• Next column in: 4 per side (1 per page)
  • Next column in: 2 per side (top 1/2 of one bracket connects to the bottom half which will be on a second page)
  • Winner rectangle in center (turn page horizontally)

Customize Your Brackets

  • I filled my brackets with composers from the Medieval to Modern periods but you could do a combo of any genre. I have pieces from the Medieval to Impressionist periods on the left, and Modern pieces (not including Impressionist) on the right.
  • You could do Classical vs. Popular to get the kids even more excited.
  • I’ve made sure to include some instantly recognizable classical hits (Figaro’s Aria) along with pieces by composers of color that my music history classes overlooked such as works by Florence Price and Chevalier de Saint-Georges.

Chevalier de Saint-Georges

Ways to Use Your Brackets

  • If you have been told to incorporate more “literacy” (insert eye roll here), you could have them write which piece they chose to win and why.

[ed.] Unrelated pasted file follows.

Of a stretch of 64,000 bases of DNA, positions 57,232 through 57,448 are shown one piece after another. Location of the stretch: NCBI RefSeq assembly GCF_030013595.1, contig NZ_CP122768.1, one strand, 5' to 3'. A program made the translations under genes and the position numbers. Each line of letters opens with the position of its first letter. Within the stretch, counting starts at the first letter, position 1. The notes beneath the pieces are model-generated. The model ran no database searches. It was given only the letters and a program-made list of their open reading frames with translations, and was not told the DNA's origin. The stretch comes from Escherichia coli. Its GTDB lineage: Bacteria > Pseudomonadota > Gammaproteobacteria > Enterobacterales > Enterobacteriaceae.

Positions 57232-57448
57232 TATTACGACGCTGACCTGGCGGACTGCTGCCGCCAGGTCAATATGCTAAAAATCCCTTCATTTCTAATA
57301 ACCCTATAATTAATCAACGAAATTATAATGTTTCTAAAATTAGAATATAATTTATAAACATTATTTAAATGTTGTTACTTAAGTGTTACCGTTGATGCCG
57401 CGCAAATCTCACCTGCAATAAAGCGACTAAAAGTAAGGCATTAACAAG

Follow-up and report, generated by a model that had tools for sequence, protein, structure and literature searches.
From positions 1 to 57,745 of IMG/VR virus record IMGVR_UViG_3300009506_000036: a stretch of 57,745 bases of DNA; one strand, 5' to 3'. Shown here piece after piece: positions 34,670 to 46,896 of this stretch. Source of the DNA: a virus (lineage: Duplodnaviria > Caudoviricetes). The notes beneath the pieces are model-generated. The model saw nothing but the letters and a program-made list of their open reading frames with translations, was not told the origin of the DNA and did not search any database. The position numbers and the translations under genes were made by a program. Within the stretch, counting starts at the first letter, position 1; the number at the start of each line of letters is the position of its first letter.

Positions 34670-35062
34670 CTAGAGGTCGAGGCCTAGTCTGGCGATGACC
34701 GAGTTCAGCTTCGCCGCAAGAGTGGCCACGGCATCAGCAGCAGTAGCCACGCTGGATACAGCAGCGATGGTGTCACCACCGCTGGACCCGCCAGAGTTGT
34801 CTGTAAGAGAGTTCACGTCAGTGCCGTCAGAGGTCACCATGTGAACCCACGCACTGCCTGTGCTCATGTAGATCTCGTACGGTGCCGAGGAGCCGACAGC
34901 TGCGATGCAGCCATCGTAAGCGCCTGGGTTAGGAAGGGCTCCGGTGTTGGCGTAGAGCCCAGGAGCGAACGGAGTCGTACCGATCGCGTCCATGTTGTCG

• Students can also have a friendly debate with each other on why they think their piece should win.
  • Students can vote for winners, or different classes can choose winners from brackets that are assigned to them. Then, a third class can choose the winner of the two brackets who are up against each other, and so forth.

Print-and-Go Bracket

If you want to literally just print and tape/staple these pages up, you can find the editable PowerPoint file or Print-and-Go PDF on TeachersPayTeachers. Just click here! The final look is HUGE (8′ x 3.5′) and uses about 30 pieces of paper. It will take up a big chunk of the wall so if you don’t have that kind of real estate, just post it in the hallway for everyone to enjoy! 🙂

Happy Teaching!